Inovacijų sistemos ir universitetai : teoriniai aspektai.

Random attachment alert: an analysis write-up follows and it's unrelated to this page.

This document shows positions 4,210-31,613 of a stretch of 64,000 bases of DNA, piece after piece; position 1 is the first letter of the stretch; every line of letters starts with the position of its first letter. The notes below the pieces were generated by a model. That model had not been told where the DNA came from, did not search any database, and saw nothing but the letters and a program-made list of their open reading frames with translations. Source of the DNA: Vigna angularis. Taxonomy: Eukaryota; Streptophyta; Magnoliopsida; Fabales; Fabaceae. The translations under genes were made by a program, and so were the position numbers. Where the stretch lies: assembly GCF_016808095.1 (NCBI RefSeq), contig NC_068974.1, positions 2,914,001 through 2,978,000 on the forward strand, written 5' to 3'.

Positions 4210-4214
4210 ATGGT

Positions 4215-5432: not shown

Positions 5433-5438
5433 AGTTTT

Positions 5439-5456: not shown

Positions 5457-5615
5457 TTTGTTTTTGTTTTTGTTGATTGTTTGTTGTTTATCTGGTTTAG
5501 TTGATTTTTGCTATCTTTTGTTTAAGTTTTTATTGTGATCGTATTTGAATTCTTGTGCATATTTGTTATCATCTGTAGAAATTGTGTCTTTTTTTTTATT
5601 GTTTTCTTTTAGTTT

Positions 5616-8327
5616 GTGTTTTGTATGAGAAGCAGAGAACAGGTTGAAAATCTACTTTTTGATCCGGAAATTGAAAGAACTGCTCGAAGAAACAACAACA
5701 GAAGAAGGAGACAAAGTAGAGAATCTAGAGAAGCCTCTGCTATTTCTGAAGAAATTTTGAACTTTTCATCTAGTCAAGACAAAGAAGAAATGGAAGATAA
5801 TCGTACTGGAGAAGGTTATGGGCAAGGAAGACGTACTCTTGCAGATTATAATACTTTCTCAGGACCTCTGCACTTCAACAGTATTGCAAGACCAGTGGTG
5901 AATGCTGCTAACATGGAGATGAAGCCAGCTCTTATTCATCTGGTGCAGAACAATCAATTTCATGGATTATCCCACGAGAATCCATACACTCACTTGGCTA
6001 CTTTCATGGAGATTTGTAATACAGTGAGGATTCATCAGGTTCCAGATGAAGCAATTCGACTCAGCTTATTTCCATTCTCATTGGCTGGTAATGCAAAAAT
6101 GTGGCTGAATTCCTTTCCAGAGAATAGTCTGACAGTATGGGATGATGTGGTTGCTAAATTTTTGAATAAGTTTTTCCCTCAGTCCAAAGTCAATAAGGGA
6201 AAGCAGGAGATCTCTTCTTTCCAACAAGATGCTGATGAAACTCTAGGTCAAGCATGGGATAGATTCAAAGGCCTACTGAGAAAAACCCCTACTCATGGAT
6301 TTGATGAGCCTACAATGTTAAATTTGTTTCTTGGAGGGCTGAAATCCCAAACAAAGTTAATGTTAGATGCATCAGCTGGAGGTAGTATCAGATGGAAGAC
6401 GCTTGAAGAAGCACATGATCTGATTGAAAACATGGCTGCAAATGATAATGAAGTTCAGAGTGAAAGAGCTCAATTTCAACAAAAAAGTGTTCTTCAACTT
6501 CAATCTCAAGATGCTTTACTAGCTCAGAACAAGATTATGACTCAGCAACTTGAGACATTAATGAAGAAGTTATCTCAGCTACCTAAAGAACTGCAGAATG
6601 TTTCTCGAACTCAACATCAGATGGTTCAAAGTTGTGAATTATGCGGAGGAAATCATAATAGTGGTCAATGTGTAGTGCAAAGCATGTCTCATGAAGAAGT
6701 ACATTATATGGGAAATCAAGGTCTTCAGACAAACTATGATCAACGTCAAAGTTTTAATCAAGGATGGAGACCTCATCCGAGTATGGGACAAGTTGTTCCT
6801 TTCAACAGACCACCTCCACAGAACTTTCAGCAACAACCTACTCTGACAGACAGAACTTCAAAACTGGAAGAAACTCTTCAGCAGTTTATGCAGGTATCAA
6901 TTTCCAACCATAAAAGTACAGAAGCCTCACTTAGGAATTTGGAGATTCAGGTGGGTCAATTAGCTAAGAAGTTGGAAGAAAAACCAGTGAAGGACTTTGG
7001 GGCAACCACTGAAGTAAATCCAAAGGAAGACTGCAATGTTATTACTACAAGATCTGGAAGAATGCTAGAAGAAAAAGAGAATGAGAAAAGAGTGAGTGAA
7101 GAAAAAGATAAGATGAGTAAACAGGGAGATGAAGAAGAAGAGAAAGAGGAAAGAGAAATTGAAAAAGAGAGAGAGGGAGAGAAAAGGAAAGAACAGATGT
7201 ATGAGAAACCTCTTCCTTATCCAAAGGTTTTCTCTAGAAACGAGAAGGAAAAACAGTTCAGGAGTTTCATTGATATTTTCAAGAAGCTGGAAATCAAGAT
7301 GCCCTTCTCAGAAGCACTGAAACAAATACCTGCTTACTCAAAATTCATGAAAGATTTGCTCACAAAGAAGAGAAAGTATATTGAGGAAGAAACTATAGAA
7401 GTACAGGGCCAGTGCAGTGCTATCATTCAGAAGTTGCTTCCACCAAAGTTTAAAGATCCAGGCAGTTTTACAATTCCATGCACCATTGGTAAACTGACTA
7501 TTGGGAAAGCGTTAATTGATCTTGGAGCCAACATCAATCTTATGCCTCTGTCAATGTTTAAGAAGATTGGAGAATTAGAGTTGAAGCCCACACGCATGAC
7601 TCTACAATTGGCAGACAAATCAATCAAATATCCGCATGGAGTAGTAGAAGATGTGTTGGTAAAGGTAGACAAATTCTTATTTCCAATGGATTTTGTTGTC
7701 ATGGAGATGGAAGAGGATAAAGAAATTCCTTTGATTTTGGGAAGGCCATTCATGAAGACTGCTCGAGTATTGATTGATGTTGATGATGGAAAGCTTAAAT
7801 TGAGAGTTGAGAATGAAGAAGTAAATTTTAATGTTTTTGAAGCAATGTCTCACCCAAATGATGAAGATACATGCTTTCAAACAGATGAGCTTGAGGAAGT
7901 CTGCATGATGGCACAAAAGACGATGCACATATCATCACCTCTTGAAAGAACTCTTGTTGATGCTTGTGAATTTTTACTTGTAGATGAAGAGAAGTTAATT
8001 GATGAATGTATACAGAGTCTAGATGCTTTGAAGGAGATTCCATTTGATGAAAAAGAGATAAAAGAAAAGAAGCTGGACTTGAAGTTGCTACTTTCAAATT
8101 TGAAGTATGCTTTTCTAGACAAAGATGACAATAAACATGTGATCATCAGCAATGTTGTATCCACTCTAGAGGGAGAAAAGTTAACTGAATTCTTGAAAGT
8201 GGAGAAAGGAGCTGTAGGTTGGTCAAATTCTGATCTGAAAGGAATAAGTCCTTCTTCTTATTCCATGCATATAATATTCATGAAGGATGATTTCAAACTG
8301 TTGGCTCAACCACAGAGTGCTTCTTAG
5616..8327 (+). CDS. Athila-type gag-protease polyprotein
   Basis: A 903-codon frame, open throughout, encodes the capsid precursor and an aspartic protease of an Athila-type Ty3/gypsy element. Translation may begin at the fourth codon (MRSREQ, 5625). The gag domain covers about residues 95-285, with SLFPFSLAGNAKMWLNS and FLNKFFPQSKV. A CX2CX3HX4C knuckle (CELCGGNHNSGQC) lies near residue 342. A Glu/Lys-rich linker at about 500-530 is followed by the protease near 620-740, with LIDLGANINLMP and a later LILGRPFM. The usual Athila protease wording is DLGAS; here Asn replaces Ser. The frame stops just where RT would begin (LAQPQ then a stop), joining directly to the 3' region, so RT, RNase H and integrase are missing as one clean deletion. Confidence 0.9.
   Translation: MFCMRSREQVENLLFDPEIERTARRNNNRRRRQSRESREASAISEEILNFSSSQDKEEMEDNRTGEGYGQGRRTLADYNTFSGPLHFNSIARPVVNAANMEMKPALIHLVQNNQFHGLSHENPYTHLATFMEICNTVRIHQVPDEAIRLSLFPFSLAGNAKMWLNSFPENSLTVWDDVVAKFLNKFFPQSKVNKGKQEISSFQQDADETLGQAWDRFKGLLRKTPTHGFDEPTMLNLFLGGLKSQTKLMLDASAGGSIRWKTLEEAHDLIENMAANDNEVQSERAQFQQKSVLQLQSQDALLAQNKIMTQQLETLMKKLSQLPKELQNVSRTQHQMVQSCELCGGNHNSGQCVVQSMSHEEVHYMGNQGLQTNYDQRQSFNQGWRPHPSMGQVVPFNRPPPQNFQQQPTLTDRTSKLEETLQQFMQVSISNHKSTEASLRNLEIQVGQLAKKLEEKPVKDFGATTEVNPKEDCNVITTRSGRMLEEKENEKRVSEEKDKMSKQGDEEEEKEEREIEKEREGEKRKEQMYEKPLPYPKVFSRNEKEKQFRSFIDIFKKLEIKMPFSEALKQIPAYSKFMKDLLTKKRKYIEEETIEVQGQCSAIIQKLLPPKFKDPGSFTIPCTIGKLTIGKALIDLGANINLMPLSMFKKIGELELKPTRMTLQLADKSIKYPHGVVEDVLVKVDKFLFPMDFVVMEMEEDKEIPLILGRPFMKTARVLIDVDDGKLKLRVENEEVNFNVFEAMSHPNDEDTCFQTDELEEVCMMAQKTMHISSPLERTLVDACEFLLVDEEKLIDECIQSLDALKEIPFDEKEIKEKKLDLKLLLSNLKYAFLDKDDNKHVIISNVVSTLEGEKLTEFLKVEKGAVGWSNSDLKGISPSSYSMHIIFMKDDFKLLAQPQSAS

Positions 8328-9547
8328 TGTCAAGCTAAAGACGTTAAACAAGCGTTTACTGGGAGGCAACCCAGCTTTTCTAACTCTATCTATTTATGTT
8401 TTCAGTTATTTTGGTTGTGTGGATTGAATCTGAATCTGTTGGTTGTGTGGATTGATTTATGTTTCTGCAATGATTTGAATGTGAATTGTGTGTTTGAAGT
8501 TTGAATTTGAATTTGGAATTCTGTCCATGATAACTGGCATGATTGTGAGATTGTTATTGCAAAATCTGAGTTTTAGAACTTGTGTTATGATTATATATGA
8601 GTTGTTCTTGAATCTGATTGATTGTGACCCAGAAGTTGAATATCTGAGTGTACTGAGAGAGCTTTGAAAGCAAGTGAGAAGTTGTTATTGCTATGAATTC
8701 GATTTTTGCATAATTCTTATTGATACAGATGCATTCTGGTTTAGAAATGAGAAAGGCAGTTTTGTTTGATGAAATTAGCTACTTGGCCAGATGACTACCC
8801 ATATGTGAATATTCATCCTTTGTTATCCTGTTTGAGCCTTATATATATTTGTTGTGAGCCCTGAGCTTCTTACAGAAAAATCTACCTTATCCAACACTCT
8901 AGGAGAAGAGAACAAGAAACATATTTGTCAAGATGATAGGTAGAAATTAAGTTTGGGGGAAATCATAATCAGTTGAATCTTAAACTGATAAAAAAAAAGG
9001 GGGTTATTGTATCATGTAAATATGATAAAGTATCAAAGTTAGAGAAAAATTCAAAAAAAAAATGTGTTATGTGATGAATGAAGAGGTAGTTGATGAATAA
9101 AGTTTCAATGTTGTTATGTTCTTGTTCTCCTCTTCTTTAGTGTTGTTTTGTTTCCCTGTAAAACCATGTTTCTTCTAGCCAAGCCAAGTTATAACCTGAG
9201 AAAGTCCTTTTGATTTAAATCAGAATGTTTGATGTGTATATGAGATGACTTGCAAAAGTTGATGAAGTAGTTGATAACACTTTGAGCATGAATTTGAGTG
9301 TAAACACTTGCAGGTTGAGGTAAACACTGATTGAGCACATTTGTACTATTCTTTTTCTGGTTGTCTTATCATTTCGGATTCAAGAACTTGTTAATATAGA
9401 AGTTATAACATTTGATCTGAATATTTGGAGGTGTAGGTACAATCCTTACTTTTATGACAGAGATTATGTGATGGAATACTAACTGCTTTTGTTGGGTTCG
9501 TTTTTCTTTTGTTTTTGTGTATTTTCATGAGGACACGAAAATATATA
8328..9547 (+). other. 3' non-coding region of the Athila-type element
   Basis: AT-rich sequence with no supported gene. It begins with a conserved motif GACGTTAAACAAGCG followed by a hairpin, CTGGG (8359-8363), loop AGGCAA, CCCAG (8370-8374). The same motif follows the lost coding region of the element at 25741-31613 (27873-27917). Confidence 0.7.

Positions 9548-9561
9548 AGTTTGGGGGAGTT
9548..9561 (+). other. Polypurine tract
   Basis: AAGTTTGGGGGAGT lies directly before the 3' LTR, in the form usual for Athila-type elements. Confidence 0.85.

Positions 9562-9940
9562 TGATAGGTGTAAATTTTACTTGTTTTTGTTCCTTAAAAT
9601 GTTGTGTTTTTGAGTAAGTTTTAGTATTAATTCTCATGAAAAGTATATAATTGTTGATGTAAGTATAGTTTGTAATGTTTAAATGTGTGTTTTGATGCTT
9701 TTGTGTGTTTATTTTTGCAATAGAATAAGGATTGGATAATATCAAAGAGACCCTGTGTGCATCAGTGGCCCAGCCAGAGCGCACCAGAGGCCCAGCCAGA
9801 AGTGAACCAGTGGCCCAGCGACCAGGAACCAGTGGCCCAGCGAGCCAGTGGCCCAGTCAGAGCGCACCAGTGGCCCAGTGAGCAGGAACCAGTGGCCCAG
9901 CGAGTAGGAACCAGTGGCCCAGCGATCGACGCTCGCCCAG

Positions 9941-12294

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The innovation capacities of the European Union are seriously lagging behind the United States and Japan, and the gap is felt to this day. The desire to encourage innovation in the European Union has led to new approaches. Lisbon meeting of European leaders in 2000 agreed on a process that should strengthen competitiveness and growth of the Union. Inspired by the ideas of the innovation systems they set out to create a Europe of Knowledge 2010. This goal encompassed higher education because it combines research, education and innovation, which form foundations of competiveness. However, the goal was not achieved. Among the reasons for failing to fulfil the goal was the lack of involvement of higher education in the innovation processes. Little research has been done of the interaction between higher education and national innovation systems. The absence of research of this interaction can be explained by the deviancy of legitimate theoretical constructions. The main aim of the article is to explore the theoretical basis of interaction between higher education and national innovation systems. Research regarding the involvement of higher education institutions, universities in particular, in the innovation processes, dates back to the late 20th century. Gibbons and his colleagues analyze the involvement of universities in innovation-based economy through the approach of knowledge creation and dissemination. Etzkowitz and Leydesdorff interpret changes of universities through the prism of institutional interaction. These theories explain how higher education emerges in a national innovation system and interact with other players. The concept of a national innovation system was invented by Bengt-Åke Lundvall and Chris Freeman. Unfortunately, this concept is characterized by the loosely based theoretical designs, which cannot be easily empirically justified because such broad concepts leave much room for interpretations. Furthermore, the explanations of this concept include elements (e.g. knowledge, network connections) that cannot be well operationalised statistically. Developments in the university world context (e.g. globalization and shift in the economy towards innovation-based business) has led to the creation of a new market or entrepreneurial university, which is increasingly starting to copy private-sector business practices and principles. The entrepreneurial university is characterized by a closer cooperation with the business sector, by a larger responsibility for attracting external sources of income and by managerial ethics in the institutional management. These changes replaced the traditional activities of the university that were based on subject delivery. The paradigm is mainly oriented towards the economy and the ideological basis of globalization and in direct conflict with the social mission of higher education and its contribution to the common good, to social renewal and to fundamental development.
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